|"Yo mang, I got some|
chit to play ya"
I really relate my own understanding of what jam session are about to this experience. I have been in situations on stage with musicians from all kinds of different ages and musical backgrounds and have had really heavy musical experiences. Sometimes I've been jamming with players and nothing really gets off the ground but we still hang and have a good time. I just can't understand musicians who give up the opportunity to take that chance and hang with people they may have just met and instead play what amounts to be a showcase with their own band. It would be like showing up at a party with my posse and refusing to converse with anyone else but the people I came in with. I was pretty taken aback by how many touring musicians I saw doing this at the jam sessions in Ottawa and Montreal this year. The worst example was watching a certain well-known young pianist (records on Blue note etc) sit in on drums and literally run the poor band down with his playing. I guess he wanted to practice his "shit" or something. But when it came time to play his primary instrument he brought up his trio to accompany him. For sure they sounded great. They brought the house down. The people there were getting another taste of his concert and for free. But I couldn't help but think to myself "ok but what do you sound like with other guys?" My guess is that from experience he knew his bag wouldn't hang well with other players. And what does that say about a jazz musician, I wonder, if they don't like taking chances with other musicians?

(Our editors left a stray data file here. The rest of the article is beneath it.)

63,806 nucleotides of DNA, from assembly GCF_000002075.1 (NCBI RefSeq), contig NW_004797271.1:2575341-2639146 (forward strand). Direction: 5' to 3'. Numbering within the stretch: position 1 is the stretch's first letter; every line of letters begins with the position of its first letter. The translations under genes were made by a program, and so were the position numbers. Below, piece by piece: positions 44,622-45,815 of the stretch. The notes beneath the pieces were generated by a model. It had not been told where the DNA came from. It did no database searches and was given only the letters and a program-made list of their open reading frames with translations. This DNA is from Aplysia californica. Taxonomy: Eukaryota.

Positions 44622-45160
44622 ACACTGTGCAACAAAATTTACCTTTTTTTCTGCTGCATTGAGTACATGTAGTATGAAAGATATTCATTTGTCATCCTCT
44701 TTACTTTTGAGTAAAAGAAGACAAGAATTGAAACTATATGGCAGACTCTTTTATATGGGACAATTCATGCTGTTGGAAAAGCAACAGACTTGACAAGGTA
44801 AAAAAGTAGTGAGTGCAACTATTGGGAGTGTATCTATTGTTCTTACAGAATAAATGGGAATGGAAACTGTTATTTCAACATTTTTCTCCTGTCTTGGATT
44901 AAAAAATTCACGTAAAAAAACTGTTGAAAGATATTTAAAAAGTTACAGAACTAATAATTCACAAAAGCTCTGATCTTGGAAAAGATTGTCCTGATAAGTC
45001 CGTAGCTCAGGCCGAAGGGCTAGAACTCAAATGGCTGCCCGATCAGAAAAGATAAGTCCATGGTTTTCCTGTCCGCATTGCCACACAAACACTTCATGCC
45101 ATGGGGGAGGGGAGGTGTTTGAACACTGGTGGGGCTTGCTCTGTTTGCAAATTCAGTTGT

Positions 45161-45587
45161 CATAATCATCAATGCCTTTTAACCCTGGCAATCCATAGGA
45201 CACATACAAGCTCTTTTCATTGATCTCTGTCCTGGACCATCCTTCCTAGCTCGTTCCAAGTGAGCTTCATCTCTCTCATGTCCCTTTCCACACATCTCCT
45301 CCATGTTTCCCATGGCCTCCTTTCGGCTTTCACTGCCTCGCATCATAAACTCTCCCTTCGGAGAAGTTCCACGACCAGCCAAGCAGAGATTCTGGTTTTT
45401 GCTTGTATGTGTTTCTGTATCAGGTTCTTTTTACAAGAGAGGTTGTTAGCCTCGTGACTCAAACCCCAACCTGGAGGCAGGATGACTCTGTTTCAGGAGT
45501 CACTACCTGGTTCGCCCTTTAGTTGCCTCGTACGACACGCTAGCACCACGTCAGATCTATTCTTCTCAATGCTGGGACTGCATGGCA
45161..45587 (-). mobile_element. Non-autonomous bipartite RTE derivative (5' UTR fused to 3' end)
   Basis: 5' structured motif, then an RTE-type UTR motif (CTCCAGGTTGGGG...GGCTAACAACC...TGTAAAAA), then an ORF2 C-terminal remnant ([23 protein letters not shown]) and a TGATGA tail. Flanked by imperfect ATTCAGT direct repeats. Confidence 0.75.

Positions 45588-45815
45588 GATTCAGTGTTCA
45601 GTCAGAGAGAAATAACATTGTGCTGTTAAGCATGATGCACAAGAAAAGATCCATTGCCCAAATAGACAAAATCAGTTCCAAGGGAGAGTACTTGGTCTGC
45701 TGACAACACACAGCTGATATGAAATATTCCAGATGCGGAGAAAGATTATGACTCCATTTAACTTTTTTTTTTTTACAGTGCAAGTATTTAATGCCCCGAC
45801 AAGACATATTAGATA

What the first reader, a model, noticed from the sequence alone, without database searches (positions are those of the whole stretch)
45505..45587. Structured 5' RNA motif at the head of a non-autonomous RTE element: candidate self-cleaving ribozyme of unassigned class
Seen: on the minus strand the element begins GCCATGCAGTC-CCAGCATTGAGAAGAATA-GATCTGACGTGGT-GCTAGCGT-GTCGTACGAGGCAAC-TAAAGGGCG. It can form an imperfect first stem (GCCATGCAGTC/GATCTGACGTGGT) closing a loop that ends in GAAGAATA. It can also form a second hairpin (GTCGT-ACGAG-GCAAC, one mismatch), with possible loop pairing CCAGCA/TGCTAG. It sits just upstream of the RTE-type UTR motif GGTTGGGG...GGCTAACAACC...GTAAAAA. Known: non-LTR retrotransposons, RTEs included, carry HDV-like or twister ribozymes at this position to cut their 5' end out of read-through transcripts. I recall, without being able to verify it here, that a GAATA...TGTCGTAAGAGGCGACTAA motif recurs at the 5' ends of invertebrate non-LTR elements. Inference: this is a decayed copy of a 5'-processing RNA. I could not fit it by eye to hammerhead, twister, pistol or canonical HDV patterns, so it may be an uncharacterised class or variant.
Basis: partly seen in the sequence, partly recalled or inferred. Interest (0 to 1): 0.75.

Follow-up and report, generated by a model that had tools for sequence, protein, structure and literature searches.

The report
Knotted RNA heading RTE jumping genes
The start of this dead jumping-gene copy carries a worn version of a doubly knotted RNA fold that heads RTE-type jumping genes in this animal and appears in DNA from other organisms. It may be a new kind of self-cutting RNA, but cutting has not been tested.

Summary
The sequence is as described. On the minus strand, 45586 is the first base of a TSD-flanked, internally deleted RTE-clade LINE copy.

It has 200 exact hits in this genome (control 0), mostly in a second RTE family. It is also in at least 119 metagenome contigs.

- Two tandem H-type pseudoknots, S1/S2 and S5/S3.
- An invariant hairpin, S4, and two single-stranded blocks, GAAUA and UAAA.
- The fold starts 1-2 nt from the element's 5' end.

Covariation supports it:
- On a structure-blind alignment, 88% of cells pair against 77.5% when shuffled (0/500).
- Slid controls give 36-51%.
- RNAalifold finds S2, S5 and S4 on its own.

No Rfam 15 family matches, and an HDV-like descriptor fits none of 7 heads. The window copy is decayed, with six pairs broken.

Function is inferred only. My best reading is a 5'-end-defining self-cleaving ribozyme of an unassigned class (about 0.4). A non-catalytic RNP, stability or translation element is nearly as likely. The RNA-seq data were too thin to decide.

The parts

So back to my question : "Is there an etiquette at a jam session?" Are you there to hang with musicians who, for better or worse like the mortal human beings we all are, might not allow you to get off the way you know you can with your band? Or are you there to give up your own agenda and be curious about what what life could offer you when you're willing to take a chance and really let it hang out? For me these choices say a lot about what I find interesting in the people that I want to hang with and I'm really perplexed when I see musicians generally credited with playing daring and innovative jazz but are unwilling to take part in one of jazz's most enduring and edifying experiences. Life's a funny thing because you never really know who you're going to connect with. And when it happens, for me, that's what gives life and music its magic.